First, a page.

The Battle for Same-Sex Marriage: It's Almost Over
The conversation has come out of the closet and gone national.
Posted Apr 30, 2013
The Boston Marathon bombing exploded into a titanic diversion of this nation’s attention . But the beat goes on: You can still feel the momentum of inevitability propelling ever-expanding support of same sex marriage. And not just civil unions. Eleven states have passed laws supporting same-sex marriage: including, effectively, the entirety of New England. Civil union or domestic partnerships have been legalized in nine others.
The U.S. Supreme court is still deliberating on a case challenging the constitutionality of the Defense of Marriage Act (DOMA) which prohibits federal benefits for and recognition of same-sex marriages; and on a challenge to California’s Proposition 8, which put an end to legalized same-sex marriage in that state.
But as this mulling process grinds forward, a recent NBC/Wall Street Journal poll shows that 53% of the population is now supportive of same sex marriage, According to the analysis, support and opposition broke largely along partisan lines. Some 73% of Democrats are supportive, 54% percent of independents are in support and 66 percent of Republicans are opposed. Even more extreme party disparities are found in Congress suggesting that collectively representatives are not being truly representative of the country on this issue.
Research shows support for same-sex marriage generally correlates with lack of religious fundamentalism, young age, higher education, and residence in the Northeast and West Coast. Women are also more likely to be in support than men. These are growing trends. Increasingly, evolving social demographics are bellweathers of near-future political power shifts. Attitudes are changing.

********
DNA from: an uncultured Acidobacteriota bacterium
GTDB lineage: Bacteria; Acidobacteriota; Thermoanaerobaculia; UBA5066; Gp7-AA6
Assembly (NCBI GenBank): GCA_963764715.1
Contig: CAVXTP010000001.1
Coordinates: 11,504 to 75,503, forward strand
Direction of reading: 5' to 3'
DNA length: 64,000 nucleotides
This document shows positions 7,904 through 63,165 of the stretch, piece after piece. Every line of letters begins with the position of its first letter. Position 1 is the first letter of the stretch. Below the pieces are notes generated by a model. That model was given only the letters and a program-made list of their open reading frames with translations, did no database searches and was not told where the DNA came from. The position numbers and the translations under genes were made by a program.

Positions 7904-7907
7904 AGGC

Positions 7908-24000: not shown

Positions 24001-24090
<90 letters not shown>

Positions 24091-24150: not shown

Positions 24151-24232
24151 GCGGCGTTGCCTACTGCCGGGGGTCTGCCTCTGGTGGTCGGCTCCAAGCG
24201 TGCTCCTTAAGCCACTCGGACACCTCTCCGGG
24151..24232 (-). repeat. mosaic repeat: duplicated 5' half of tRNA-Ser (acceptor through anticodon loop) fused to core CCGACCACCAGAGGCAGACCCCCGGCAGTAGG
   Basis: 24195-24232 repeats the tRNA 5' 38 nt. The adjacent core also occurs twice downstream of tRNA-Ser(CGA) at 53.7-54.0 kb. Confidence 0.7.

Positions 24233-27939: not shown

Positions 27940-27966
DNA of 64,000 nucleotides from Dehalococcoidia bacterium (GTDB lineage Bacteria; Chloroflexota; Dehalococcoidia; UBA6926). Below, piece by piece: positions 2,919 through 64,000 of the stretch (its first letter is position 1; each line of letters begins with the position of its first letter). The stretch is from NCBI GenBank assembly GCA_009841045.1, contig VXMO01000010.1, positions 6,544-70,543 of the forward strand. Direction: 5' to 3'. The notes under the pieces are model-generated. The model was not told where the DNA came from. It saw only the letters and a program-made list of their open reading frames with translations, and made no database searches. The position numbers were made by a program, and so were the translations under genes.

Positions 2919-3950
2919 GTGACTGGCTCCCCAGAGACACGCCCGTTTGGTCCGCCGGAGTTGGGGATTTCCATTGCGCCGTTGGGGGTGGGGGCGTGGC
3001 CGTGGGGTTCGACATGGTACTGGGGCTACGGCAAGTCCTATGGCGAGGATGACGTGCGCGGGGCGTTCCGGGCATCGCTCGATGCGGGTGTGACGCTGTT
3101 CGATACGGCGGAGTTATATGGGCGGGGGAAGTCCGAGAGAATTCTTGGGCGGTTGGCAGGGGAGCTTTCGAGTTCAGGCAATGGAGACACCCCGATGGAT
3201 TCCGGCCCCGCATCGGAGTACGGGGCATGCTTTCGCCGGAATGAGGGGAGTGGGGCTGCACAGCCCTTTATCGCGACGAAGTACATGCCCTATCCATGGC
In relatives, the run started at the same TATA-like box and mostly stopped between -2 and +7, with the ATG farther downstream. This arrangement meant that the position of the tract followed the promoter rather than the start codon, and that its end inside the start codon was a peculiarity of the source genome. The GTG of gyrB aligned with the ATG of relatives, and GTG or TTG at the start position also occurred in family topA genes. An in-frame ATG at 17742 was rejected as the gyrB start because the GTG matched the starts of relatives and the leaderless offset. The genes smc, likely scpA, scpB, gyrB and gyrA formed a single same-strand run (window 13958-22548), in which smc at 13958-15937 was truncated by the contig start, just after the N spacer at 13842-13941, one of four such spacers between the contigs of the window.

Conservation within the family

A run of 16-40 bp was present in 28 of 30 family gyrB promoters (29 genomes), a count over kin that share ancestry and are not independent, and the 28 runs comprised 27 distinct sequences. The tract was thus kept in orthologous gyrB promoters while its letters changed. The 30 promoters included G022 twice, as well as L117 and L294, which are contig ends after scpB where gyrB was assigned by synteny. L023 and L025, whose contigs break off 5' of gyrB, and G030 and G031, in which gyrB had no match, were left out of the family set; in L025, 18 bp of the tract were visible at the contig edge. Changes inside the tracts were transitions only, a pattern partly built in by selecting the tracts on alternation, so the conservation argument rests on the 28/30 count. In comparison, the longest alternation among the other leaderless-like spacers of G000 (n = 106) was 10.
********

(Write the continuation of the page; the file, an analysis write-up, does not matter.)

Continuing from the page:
Part of this “change” is connected to the intensifying national conversation about the legal rights of gays and lesbians, not just in marriage but in all the constitutionally vouchsafed nooks and crannies in the public domain.
Viewed politically, the few Republicans who openly support gay marriage share something in common--paternity. Republican Sen. Rob Portman is now supporting gay marriage and says his reversal on the issue began when he learned one of his sons is Gay. Former Vice President Dick Cheney also supports gay marriage. Cheney's daughter is a Lesbian whose politics, like her father’s, are hard right. Her sexual orientation is apparently less important to him than her political orientation. Party lines did not trump blood lines.
That’s the transformative power of knowing people, not just knowing of people. Interacting with social minorities on a regular basis often makes it hard to hold on to caricaturish stereotypes attached to their social groups. It’s not surprising that Portman and Cheney revised their views on Gays and Gay marriage. It was psychologically too difficult to openly support the stereotypes and to justify arguments in opposition to Gay marriage when to do so would be painting their own children with the same brush of character defamation. Not impossible, just difficult; it's easier to jettison a stereotype than a child.
A further change sign in the politics of social issues is that a national group of prominent GOP donors is pouring new money into lobbying efforts to get Republican lawmakers to vote to make Gay and Lesbian marriages legal. Toward this end they have diligently and fiscally worked Minnesota and Rhode Island GOP legislators to support Gay marriage. Yes, these donors are fearful of the party’s future viability. But they are also emboldened by the national conversation in the media and the recent changes in attitudes toward and discriminatory laws and policies against Gays and Lesbians in both government and the military and congress (to wit, at least 118 openly Gay and Lesbian candidates won their congressional and state races in the most recent elections). Attitudes are changing.